Questyle M15 Review

Questyle M15 Review

25 November 2022 0 By Petros Laskis

Divine current on the go

Pros: + Musical and organic sounding
+ Realistic timbre and minimum digital glare
+ Excellent technicalities
+ Crystal clear and transparent
+ Dynamic and impactful
+ Dead silent and free of EMI noise
+ Can drive efficient headphones
+ Low power consumption
+ Stays cool even after hours of use
+ Unique appearance
+ Excellent build quality

Cons: – Lack of on-board volume control and hardware buttons
– Not as powerful as the competition
– Carrying case and lightning cable are extra
– Bright LEDs

The review sample was kindly provided free of charge in exchange for an honest review.
I didn’t receive monetary or any other kind of compensation and I don’t use affiliate links.
The price of the M15 is $249 and you can order it directly from Questyle shop or all authorized dealers around the world.


Questyle Audio is dedicated to the research of high-tech lossless audio systems with perfect sound aesthetics and convenient listening experience, and provide the corresponding products, system solutions or key components according to customer requirements.
They are famous for their Current Mode Amplification topology that uses current, instead of voltage, to amplify audio signals.
Their CMA Fifteen is one of the most awarded and well regarded all-in-one systems thanks for its unparalleled performance as you can find out by reading the related review.
After finishing the CMA Fifteen review I was very curious to find out how the Current Mode Amplification performs in a portable device so I contacted Questyle who were very responsive and kind enough to arrange a sample.


Questyle M15

The Questyle M15 is a USB DAC/amp dongle containing two of Questyle’s patented CMA (Current Mode Amplification) SiP modules, for a total of four CMA amp engines.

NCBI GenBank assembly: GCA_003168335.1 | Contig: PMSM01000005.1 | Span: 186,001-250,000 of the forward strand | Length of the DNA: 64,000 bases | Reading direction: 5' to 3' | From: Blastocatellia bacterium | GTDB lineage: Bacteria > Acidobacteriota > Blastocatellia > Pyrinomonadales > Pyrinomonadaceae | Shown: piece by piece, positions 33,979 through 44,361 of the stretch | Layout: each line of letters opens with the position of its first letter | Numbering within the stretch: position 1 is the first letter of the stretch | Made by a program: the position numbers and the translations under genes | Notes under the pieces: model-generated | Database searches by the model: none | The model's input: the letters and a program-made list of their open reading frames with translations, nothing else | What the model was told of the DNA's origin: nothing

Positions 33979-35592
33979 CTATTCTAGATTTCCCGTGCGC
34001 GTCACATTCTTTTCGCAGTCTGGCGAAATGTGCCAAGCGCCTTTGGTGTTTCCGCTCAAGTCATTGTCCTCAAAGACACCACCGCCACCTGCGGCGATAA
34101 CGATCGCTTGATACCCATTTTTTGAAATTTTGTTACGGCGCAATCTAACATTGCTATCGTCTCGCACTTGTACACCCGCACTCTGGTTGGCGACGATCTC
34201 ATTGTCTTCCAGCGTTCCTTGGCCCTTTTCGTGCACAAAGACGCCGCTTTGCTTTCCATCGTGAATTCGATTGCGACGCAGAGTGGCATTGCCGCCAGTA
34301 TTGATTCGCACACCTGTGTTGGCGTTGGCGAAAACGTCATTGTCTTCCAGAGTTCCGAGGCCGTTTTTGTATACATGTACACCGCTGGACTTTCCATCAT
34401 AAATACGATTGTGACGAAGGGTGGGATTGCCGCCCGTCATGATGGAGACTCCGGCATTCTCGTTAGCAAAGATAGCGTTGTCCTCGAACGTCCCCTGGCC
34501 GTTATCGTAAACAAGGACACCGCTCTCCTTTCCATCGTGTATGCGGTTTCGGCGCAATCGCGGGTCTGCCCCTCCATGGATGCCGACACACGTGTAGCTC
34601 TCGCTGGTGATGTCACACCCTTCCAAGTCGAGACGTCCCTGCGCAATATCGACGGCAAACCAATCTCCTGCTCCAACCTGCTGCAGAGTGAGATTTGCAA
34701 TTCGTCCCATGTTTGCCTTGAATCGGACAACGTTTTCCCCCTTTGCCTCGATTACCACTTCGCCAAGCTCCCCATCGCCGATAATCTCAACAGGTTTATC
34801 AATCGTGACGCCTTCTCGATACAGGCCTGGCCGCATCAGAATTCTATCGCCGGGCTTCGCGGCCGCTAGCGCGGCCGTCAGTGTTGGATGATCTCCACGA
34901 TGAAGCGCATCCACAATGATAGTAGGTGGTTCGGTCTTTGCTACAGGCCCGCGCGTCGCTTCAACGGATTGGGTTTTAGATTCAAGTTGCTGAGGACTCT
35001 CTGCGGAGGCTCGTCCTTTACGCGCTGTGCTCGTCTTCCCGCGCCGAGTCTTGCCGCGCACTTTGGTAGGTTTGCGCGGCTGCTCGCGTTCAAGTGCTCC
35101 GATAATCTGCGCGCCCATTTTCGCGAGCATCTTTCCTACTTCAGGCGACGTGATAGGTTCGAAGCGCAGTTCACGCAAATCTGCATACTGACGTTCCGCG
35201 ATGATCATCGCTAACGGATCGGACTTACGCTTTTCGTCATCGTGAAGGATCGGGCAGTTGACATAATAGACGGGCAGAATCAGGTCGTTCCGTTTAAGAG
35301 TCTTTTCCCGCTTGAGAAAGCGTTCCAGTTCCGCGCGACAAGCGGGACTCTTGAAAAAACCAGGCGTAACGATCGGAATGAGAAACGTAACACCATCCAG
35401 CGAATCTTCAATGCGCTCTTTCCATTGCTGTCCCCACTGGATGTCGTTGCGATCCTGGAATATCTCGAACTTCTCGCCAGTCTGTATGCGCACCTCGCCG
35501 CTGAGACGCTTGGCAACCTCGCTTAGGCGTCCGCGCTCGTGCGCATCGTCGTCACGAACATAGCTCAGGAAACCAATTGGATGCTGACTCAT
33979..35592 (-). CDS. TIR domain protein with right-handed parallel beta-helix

This quadruple drive amplification circuitry gives an outstandingly strong output that can drive almost any headphone.
Questyle’s Current Mode Amplifiers are characterized by their small footprint, low voltage operation, and minimal power consumption.
Current Mode amplification has a naturally low impedance, affording the M15 a bandwidth up to 1MHz and distortion as low as 0.0003%.


The M15 supports both unbalanced (3.5mm) and balanced (4.4mm) outputs with a manual gain adjustment via the slider on the side, which makes it easy to choose high/low gain depending on the connected headphone.
The M15 features the highly acclaimed ESS ES9281AC flagship DAC chip to do the decoding and can handle up to PCM384kHz/32bit, DSD256 and full MQA unfold.
The M15 also uses a TOREX, high-efficiency, power management unit for low power consumption from the host device without getting overheated.


Appearance and build quality

The M15 has a minimalistic design with a black metal housing that is made from CNC machined aluminum and a transparent glass cover which allows for the internal PCB to be fully visible.
A very innovative design that differentiates the M15 from the competition giving it a uniquely looking appearance.
Build quality and finish are excellent, there are no rough edges or sharp corners but I have some reservations about the durability of the glass.
The 61.8×27.2x12mm measuring M15 is compact and lightweight, at least for a dongle with two headphone outputs.


User interface

This is a simple to operate device, no drivers are needed, the only thing you have to do is to plug it to the host device with the supplied detachable cable to the USB type-C port and then your headphones to either the single ended or balanced outputs.
The device will power itself only when a headphone is plugged in so you can leave it hanging from your phone without consuming power if you have your headphones unplugged.

The M15 is lacking an on-board volume control so you are restricted to your phone’s steps for volume adjustment which is not that ideal.
Inside the unit and close to the USB port there are located two indicator LEDs that are quite bright.
One is for displaying the sample rate (Green ≤ 48kHz, Red>48kHz or DSD and Magenta for MQA) and the other for the gain (Red=high, Green=Low).



Inside the box you are going to find two short USB cables of high quality.
USB-C to USB-C and USB-A to USB-C.
A lighting cable and a premium leather case are available as extra purchases.


Power output

The M15 was left playing music for about 100 hours in order to settle down.
During the evaluation period I used various headphones and earphones like the Focal Clear Mg, Sennheiser HD660S, Meze 109 PRO, FiiO FDX and Unique Melody Mext.
All headphone cables are from pure silver made by Lavricables.

With a maximum output voltage of 1.895Vrms from the 3.5mm jack and 2.624Vrms from the 4.4mm, the M15 is not the most powerful dongle when considering that most of the competition can usually do 4Vrms from the balanced output while the iFi Go bar can go as high as 7.5Vrms.